The Effect of Associative and Dissociative Attentional Focus Strategies on Muscle Activity and Heart Rate During a Weight Training Exercise
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Performance outcomes, such as distance rowed or kilometres run, can be influenced by the attentional focus an individual adopts. The present study tested how attentional focus during a weight training exercise influenced a direct measure of performance production (muscle activity) and heart rate. Participants executed bicep curls while adopting an associative, dissociative, or no specific attentional focus. Muscle activity, as measured by electromyographic recordings, and heart rate were lower in the associative condition than in the dissociative and control conditions. The participant's level of experience in weight training and the amount of weight lifted had little influence on this pattern of results. The results highlight that attentional focus is an important variable that can influence muscle activity, and ultimately training outcomes, during exercise.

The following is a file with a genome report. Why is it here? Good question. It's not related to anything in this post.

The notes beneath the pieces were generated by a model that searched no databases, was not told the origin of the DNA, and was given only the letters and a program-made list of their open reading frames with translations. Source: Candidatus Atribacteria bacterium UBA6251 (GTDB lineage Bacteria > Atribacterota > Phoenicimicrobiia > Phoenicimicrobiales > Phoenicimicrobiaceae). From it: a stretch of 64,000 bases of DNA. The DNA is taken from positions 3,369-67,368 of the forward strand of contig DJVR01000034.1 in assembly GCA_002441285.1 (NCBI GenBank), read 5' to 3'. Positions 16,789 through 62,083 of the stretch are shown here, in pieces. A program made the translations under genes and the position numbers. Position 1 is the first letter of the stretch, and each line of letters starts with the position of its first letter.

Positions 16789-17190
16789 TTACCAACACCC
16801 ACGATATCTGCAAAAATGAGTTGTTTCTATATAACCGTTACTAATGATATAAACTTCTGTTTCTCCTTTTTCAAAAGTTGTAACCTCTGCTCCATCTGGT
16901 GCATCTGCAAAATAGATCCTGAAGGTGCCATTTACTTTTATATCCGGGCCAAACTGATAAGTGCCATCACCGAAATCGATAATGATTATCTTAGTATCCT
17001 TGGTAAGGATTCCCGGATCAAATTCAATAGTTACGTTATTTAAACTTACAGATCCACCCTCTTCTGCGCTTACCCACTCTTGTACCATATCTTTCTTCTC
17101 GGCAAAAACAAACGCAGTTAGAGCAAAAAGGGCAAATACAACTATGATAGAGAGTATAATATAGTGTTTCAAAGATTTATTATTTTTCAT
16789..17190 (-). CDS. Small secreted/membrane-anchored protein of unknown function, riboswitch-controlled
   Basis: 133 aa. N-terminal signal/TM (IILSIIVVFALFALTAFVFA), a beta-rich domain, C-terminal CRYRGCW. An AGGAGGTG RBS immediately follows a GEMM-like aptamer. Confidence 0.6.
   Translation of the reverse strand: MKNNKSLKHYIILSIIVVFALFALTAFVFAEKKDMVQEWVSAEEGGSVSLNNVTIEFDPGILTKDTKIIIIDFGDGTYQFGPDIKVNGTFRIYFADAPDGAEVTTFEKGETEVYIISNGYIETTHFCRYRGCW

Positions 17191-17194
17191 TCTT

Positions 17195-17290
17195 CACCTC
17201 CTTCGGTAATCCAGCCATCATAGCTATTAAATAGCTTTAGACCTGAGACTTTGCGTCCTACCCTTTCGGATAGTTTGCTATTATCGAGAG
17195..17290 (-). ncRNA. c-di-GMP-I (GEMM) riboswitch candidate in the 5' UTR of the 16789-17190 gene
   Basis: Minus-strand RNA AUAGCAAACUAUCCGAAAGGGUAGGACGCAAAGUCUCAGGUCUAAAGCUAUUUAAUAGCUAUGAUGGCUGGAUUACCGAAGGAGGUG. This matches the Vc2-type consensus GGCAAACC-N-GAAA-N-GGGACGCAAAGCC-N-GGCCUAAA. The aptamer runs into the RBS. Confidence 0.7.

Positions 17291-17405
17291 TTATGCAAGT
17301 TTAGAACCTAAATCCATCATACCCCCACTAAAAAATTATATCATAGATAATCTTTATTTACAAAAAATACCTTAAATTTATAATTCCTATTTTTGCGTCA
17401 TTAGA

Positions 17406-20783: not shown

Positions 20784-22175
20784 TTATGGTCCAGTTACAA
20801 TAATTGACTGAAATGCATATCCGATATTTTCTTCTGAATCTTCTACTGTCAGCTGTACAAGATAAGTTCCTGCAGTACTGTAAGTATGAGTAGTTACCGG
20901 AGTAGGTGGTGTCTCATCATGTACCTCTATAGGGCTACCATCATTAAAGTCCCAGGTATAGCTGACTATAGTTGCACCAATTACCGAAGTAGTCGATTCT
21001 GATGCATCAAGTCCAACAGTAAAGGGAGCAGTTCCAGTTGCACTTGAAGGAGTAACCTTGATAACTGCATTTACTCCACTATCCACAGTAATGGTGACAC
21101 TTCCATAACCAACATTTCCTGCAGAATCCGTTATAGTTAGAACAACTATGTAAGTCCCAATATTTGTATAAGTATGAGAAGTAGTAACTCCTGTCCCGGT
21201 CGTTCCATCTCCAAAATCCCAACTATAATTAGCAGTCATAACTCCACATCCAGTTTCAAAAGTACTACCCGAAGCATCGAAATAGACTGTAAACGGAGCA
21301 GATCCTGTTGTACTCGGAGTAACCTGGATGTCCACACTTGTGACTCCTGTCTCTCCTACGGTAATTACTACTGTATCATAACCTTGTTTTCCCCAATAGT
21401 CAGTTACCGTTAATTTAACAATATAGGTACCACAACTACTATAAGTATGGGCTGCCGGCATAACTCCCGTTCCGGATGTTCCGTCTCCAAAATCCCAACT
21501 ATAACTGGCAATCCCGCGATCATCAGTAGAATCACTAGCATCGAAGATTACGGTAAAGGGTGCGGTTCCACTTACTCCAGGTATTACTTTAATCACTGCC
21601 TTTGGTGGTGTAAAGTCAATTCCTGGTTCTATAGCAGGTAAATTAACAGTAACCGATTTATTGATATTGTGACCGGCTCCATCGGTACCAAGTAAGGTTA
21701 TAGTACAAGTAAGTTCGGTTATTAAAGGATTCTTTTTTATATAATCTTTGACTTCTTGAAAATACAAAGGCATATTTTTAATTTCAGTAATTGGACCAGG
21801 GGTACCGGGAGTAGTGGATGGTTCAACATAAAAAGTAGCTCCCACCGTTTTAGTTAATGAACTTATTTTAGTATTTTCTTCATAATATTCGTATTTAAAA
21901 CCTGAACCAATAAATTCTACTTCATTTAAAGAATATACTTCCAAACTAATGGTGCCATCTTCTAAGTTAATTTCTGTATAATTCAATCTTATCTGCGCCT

Journal of Psychophysiology
© 2011 Hogrefe Publishing. This is an electronic version of an article published in Journal of Psychophysiology, Vol. 25(1), pp. 1-8, 2011 by Hogrefe Publishing. This article may not exactly replicate the final version published in Journal of Psychophysiology. It is not the version of record and is therefore not suitable for citation.
Sport and Exercise Psychology